From a missiological point of view the time has come for the Wesern church to be a much more convincing witness.
In the West, Christians are losing increasingly more ground. We simply could deny that fact, we also could mourn it, or we can see it as an opportunity. Personally I’m regarding it as an obligatory purification process. The Western church is in desperate need of vital renewal. 30 years after the fall of the Berlin Wall the whole world keeps changing faster than ever before in world history. Globalization, triggered by the end of the Cold War, has turned our planet into a totally different place. However, our Christian witness is still kind of stuck in former times. This can be recognised in the arguments of the ongoing confusion between evangelicalism and right-wing-populism, for instance. Or, to mention another example, the current discussion on female leadership in the white Anglo-Saxon world. These are only examples of Christians being stranded on their own theological islands. But that’s not even the biggest problem. The real painful torment is how the church is demonstrating God as a grumpy, half-demented yet almighty nit-picking policeman, ready to arrest and punish anybody who’s not following his rules. It displays a rather unpleasant image of God. The reason why Christians are delighted in a God like this is often totally obsure to those outside the church.
As a missionary, my soul is truly aching. It causes great grief to see that it’s not the Anti-Christ (or maybe those preparing his way) but Christians themselves who’re building massive road blocks to their own mission. I find this very hard to understand, especially as the non-Christian world around me is also mourning and weeping. They are increasingly fearful, scared, frightened, even terrified. They are lifting existential questions like never before. In our times, nothing is more valuable, precious, and exorbitantly needed than true hope. Providing hope has never been more adequate and timely. But this requires contextualisation – which demands leaving some of the islands we’ve barricaded ourselves onto.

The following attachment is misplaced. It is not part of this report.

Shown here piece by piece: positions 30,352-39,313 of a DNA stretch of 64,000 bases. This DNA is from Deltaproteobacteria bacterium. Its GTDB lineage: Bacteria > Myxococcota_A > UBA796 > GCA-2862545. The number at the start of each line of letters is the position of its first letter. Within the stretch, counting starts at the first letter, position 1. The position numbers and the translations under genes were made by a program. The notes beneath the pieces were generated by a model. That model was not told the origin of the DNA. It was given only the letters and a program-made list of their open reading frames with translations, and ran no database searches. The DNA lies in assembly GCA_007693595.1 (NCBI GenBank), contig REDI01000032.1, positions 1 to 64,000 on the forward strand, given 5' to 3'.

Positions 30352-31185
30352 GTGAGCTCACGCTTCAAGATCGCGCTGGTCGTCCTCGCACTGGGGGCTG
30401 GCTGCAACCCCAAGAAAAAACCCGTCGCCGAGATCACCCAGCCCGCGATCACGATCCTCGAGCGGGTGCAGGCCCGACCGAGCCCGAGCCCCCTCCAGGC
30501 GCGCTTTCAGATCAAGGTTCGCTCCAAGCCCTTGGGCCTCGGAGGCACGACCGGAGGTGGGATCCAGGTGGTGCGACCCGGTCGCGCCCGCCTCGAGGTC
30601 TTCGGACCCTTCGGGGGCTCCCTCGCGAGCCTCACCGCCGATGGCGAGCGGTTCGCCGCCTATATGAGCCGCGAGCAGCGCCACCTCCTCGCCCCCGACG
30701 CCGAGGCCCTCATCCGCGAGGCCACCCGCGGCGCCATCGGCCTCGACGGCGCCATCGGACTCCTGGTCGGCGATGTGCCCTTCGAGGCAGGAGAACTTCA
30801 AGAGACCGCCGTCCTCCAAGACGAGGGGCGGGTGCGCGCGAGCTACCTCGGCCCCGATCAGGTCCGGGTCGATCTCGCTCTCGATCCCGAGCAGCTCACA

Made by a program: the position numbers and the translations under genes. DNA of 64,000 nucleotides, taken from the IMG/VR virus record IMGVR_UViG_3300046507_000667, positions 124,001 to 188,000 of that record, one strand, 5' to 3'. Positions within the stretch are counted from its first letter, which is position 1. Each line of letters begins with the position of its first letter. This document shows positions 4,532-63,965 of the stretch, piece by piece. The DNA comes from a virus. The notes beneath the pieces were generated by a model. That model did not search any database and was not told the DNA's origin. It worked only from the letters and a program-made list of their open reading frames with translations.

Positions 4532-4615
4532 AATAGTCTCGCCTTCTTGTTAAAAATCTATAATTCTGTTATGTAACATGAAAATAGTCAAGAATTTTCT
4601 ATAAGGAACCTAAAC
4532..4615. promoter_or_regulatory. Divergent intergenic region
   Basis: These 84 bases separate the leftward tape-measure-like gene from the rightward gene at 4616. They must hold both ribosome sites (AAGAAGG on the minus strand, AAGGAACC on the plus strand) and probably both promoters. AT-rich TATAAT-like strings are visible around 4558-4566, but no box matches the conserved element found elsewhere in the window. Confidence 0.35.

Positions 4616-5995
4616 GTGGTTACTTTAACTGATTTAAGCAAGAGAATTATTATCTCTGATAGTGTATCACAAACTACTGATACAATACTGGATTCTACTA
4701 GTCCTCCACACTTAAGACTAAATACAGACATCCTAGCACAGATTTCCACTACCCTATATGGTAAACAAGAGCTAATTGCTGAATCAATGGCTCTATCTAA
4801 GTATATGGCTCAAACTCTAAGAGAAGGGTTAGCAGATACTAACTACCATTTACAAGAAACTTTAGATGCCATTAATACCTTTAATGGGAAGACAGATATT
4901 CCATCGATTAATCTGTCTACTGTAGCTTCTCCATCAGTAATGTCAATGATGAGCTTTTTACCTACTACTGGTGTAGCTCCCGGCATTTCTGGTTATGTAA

Let’s look into one example. In light of current numbers and statistics it has become pretty easy and fun to become a relevant, God-reflecting, curiosity generating role model again.
This little picture series about the latest facts* shows one of the biggest fear factors of our time. Presumably it will become even more powerful as the years go by. Here is a tremendous missiological opportunity.
Let’s ask for forgiveness!
We are known for preaching the forgiveness of sins because we believe in the atoning death of Christ. How about setting a good example in our time and asking for forgiveness ourselves? For instance, we could kneel publicly and ask for forgiveness that our generations in particular (i.e. the post-war generations including my own) have made a significant contribution to the irresponsible use of resources. Of course, we were ignorant, but that does not protect from punishment, more often than not that is exactly what we used to preach. According to the motto “private sin, private confession – public sin, public confession” it would be appropriate to make global confessions. These could be communicated in many different and creative ways. Christians asking for forgiveness would be truly surprising to the world. Who knows, it might have a huge role model effect. It would certainly help increase our credibility. I’m sure, demonstrating humility would also be perceived better in our society than constantly praising the enormous achievements of the “Boomers”. Or constantly criticizing the young generation for their “inabilities”, for that matter.